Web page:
How bad is it really to not sleep enough?
Lack of sleep can lead to increased risk for automobile accidents, heart disease, heart attack, heart failure, high blood pressure, and diabetes, it can also hurt your cognitive process by dumbing you down, kill your sex drive, cause depression, age your skin, make you forgetful, cause weight gain, and more.
It is easy to think that in our fast-paced 24/7 society that sleep is not a priority. However, according to science, sleep should be even more important than eating since you would die from sleep deprivation before starving. It takes 2 weeks to starve and only 10 days without sleep would kill you.
When you sleep your body recharges, cells repair themselves, body releases important hormones like melatonin that help regulate sleeping patterns.
There are studies that show that melatonin can help fight cancer, ward off other diseases such as Alzheimer’s, and even reduce migraines. Melatonin is only can only be released in the darkness as light acts as an inhibitor. Light exposure at night that continually disrupts melatonin secretion in the long-term can even be linked to cause cancer.
Why are so many people struggling to sleep?
“It is time to reassess the early assurances of Thomas Edison that using electric light ‘is in no way harmful to health, nor does it affect the soundness of sleep.'”–Charles Czeisler, Ph.D., professor of sleep medicine at Harvard Medical School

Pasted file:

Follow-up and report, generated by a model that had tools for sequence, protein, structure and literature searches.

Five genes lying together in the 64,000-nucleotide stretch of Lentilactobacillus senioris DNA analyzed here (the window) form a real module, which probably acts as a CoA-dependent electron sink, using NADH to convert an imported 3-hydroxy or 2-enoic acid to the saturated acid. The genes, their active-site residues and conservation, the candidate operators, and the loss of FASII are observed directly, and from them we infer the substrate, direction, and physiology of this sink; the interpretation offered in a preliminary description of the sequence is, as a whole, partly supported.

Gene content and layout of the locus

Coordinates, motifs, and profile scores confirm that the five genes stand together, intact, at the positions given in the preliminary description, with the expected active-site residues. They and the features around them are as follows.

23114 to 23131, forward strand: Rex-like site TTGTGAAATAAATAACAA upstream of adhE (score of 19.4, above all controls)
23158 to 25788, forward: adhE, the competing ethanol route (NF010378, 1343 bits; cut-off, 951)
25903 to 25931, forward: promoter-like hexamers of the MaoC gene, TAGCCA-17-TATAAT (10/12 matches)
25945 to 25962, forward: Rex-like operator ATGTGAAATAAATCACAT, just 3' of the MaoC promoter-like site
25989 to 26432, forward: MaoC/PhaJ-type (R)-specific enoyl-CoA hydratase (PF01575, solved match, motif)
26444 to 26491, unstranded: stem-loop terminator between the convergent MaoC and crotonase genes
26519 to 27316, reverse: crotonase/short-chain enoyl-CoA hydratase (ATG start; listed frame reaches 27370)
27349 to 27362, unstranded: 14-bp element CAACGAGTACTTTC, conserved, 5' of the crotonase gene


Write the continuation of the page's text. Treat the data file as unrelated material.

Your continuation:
Unfortunately for us, artificial light from electronics such as laptops, tablets, and cell phones fall into the light category that trick the brain into thinking that it is still daytime and signal to hold off on the melatonin. This throws off our biological clocks, makes it more difficult to fall asleep, and have hinders quality sleep. Some professors say that you should turn off these devices 2 hours before falling asleep to reduce the impact of the light and replace the artificial blue-enriched light with red-enriched light after the sun sets.
Those especially affected by this problem are children and young adults who need more sleep and the ability to focus on academics. Many use their electronic devices late into the night which puts them at an increased risk for anxiety disorders, depression, substance abuse, diabetes, and more.
Do you get enough sleep?
Do you use your phone or other electronic device before bed?
What else do you do to improve sleep habits?
Share your thoughts in the comment section below!
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